Two household bowls and a human bone made into a tool. The bowls are nicely made but show no decoration so they may have been mass-produced for use by commoners. One end of the bone has a drilled hole which indicates it may have been used as a tool. Teotihuacanos used the bones of deceased family members to create household tools and other personal items. This may have been a way of keeping a close connection with relatives who had passed into the Underworld.

"Host"figure with a removable plate which reveals another figure inside. These figures were used for ritual purposes and offerings may have been placed inside them. The face is painted with bright red specular hematite and there are traces of paint on other parts of the body. The hidden figure in the door of the host is believed represent the divine essence residing within each person.

Pot in the form of a grinning feline. Found in a burial, this fine example of Teotihuacán pottery shows the importance placed on felines. They appear in wide variety of murals, sculptures, pottery, and jewelry. The appearance of feline images among grave goods further emphasizes their cultural importance.

Stone sculpture of a human head and torso. The piece has classically Teotihuacán features, with narrow eyes, a broad face, and parted lips. I particularly like the vertical striations of the rock, which heighten the beauty of the sculpture.

Long necklace made from shells with coral pendants. All these materials came from either the Atlantic or Pacific coasts of Mesoamerica. Its location in the center of Mesoamerica enabled Teotihuacán to become the hub of a great trade network.

Bust of a high status individual. The head dress displays two rows of Teotihuacán's four-petal flowers. The petals represent the four cardinal directions, as well as the four quadrants into which the great city was divided.

Clay duck head, and the mold from which it was made. A wide range of objects for ritual and everyday use were manufactured at Teotihuacán, often using mass production techniques such as this mold. Mass production could produce uniform quality, as well has the large quantities needed for both domestic and trade purposes.

"Theatre" censers were another mass produced item. Although theatre censer's may differ from each other in their details, the overall formats are almost always identical. A human face always appears in the center, as if on a stage, surrounded by birds, chalchihuites (circles representing something of high value, such as jewels), and various esoteric designs. Evidence of mass production of theatre censers has been found next to the Pyramid of the Plumed Serpents within the Citadel. This suggests that the manufacture and distribution of this type of censer was an activity conducted by the Teotihuacán State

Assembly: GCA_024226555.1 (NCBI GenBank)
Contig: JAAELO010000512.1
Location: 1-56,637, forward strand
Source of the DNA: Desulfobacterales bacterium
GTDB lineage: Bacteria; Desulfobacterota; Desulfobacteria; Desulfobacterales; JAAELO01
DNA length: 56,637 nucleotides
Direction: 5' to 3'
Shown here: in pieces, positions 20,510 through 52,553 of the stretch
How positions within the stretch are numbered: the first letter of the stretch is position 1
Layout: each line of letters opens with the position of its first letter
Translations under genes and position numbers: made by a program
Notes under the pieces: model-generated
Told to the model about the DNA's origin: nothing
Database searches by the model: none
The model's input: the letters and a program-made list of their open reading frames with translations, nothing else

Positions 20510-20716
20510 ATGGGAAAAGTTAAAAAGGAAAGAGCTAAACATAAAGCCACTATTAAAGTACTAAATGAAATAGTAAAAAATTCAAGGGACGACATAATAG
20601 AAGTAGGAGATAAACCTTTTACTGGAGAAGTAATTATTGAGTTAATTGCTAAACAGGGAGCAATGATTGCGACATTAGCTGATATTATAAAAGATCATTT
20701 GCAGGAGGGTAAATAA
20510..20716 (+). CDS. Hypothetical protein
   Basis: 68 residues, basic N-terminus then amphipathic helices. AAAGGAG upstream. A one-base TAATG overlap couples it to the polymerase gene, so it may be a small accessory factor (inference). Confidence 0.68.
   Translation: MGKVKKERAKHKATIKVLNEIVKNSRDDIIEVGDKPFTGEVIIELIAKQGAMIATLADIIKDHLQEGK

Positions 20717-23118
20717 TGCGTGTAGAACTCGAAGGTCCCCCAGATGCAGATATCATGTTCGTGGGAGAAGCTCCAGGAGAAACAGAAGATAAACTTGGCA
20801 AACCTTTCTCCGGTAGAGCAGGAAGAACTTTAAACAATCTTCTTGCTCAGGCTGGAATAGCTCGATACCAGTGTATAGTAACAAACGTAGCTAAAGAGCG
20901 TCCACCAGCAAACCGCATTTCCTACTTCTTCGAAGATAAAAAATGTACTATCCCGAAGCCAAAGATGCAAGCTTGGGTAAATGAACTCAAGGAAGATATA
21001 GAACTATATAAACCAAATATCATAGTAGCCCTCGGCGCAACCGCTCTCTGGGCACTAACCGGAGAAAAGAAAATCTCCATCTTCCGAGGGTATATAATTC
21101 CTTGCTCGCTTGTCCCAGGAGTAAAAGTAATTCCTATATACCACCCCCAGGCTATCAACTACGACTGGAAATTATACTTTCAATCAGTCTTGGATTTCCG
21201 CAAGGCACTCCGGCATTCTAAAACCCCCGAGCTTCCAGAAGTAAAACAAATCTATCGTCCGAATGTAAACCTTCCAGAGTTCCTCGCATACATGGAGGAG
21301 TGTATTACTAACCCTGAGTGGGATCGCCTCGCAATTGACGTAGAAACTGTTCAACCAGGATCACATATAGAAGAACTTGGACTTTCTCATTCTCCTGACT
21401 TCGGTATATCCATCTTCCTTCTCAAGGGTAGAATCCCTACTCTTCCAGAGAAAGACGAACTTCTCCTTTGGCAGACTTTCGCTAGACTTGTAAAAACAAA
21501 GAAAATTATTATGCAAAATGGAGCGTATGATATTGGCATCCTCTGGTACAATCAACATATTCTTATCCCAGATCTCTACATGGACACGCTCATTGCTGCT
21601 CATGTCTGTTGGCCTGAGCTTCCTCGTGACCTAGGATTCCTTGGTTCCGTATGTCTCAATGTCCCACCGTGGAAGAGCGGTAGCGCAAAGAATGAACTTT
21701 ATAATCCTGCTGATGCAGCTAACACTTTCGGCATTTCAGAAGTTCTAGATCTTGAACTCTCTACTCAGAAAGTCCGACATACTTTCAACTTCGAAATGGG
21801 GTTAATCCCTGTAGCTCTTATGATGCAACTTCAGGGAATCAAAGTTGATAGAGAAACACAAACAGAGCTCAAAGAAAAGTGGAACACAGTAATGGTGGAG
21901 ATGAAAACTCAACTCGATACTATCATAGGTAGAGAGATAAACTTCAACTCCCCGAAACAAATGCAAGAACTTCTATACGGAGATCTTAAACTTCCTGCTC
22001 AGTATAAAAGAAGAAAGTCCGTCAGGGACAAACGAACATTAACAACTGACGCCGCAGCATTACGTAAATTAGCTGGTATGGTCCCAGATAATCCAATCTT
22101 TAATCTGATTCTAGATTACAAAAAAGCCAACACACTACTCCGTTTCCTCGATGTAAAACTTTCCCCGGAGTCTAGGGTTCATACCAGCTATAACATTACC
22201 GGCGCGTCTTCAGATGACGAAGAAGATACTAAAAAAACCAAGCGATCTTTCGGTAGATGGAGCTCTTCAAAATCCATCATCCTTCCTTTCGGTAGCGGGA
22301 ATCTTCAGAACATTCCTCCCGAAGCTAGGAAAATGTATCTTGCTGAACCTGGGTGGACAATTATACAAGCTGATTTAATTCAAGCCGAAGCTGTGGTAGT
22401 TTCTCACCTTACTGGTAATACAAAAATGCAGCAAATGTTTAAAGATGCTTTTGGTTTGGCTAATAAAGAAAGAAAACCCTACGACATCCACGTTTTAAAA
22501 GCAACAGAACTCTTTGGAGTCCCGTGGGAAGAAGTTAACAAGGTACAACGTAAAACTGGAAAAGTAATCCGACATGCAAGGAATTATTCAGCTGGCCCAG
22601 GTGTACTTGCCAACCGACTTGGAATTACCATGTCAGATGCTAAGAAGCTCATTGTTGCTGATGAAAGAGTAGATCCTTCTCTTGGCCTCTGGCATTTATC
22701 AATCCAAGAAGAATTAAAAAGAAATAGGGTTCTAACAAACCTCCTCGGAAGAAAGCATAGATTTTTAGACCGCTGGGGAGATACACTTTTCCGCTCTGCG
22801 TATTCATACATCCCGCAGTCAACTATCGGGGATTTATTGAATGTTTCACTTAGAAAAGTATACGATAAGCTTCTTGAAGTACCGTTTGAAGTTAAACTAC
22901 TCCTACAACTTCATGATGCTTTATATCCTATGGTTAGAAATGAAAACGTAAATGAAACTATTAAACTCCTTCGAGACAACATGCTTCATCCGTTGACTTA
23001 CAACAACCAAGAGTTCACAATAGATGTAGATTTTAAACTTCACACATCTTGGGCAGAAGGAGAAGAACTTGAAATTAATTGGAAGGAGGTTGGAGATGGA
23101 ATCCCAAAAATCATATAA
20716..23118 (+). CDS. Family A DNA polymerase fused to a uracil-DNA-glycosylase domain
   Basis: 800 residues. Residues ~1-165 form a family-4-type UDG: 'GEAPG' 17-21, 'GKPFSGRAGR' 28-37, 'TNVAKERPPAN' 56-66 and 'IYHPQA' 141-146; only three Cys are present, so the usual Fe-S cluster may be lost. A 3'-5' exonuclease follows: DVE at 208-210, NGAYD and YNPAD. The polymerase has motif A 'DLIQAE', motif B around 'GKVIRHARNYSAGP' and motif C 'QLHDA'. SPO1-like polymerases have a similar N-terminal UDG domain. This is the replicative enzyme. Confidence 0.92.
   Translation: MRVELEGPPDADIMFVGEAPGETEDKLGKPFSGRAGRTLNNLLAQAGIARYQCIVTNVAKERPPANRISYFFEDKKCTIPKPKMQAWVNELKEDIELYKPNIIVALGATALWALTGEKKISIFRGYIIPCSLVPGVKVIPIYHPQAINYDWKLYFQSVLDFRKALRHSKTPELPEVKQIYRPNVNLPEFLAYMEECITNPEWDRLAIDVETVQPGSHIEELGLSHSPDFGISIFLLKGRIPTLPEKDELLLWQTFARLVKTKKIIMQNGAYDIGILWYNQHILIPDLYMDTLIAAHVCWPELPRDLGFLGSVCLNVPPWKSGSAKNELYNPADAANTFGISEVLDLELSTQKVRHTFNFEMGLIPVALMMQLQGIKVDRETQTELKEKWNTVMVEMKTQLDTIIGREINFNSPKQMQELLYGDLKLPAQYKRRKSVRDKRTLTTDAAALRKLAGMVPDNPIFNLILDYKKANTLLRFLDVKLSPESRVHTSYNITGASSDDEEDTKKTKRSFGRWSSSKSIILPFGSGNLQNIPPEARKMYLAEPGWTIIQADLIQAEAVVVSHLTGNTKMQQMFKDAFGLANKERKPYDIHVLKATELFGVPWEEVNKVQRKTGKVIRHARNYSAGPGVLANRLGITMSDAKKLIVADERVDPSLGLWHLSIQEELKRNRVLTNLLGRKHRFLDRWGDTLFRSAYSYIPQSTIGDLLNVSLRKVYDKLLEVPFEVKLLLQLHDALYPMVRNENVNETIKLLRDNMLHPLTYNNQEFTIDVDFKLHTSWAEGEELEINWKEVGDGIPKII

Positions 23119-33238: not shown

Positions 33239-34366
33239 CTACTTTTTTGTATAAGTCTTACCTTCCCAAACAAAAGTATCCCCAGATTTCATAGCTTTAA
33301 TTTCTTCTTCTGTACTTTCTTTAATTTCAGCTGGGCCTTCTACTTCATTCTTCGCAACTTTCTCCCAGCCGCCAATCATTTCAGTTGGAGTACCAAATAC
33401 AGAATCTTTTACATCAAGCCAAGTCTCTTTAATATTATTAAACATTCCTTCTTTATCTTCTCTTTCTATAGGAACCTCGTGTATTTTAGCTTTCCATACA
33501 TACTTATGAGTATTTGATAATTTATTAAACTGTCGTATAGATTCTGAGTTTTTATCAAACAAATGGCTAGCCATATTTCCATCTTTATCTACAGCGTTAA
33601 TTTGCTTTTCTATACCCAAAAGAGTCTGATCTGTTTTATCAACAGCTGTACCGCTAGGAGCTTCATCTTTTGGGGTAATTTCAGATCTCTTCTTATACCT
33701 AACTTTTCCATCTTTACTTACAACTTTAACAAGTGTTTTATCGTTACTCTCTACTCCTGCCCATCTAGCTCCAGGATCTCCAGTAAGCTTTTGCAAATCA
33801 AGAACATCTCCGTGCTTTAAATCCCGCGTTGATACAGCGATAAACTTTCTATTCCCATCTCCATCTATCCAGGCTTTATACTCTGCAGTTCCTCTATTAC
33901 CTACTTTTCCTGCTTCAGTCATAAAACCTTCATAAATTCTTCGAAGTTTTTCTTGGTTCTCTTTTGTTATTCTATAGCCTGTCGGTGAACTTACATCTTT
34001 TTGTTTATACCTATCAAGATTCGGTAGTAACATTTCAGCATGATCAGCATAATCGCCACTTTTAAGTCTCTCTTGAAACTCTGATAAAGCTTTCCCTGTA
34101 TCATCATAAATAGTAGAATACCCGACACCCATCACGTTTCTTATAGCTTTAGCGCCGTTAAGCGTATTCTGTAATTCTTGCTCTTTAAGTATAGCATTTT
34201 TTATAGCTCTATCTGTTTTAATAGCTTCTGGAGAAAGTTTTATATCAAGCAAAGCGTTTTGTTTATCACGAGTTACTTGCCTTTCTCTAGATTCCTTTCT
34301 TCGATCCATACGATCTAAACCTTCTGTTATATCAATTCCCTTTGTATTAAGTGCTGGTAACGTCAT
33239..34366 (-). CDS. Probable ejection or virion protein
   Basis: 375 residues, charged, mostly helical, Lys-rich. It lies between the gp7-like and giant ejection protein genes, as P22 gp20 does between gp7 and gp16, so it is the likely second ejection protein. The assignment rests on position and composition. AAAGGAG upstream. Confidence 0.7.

Theatre censer, disassembled. The different parts of the censer were individually created in molds and then assembled into the theatre format. It was very common for a butterfly pendant to be attached to the nostrils of the central face. Butterflies were symbols of dead warriors. Theatre censers were widely distributed for use in family compound altars, possibly to commemorate warriors who had belonged to particular families. Thus, the display of the censers also showed reverence for the Teotihuacán State and its army. This would explain the State's interest in producing and widely distributing them. The chalchihuite necklace below the face indicates the person was highly valued.

Another exquisite example of Teotihuacán pottery. These two small pots are part of an identical set. Both have the tri-pod base, slightly fluted shape, and conical lid typical of pots produced in Teotihuacán. A small, finely crafted bird serves as the handle in the center of each lid. The birds were probably made with molds.

Unusual pot with human head on on the lip. The function of the pot is not clear. It may have been used for washing the hands and face of the owner. The small tray attached to the lip (opposite the head) may have provided a tray for soap or various toilet articles. 

Small bust of a priest. The head dress indicates high status, while the "goggles" around the eyes may mark him as a priest of Tlaloc. The Rain God's priests wear similar goggles in various murals found in Teotihuacán's apartment compounds. 

This completes my series on Teotihuacán. I hope you have enjoyed this posting, as well as the rest of the series. If so, please leave any comments or questions in the Comments section below.

If you leave a question in the Comments section, PLEASE leave your email address so that I can respond.

Hasta luego, Jim

Tuesday, August 22, 2017

Teotihuacan: Palacio Tepantitla, abode of the priests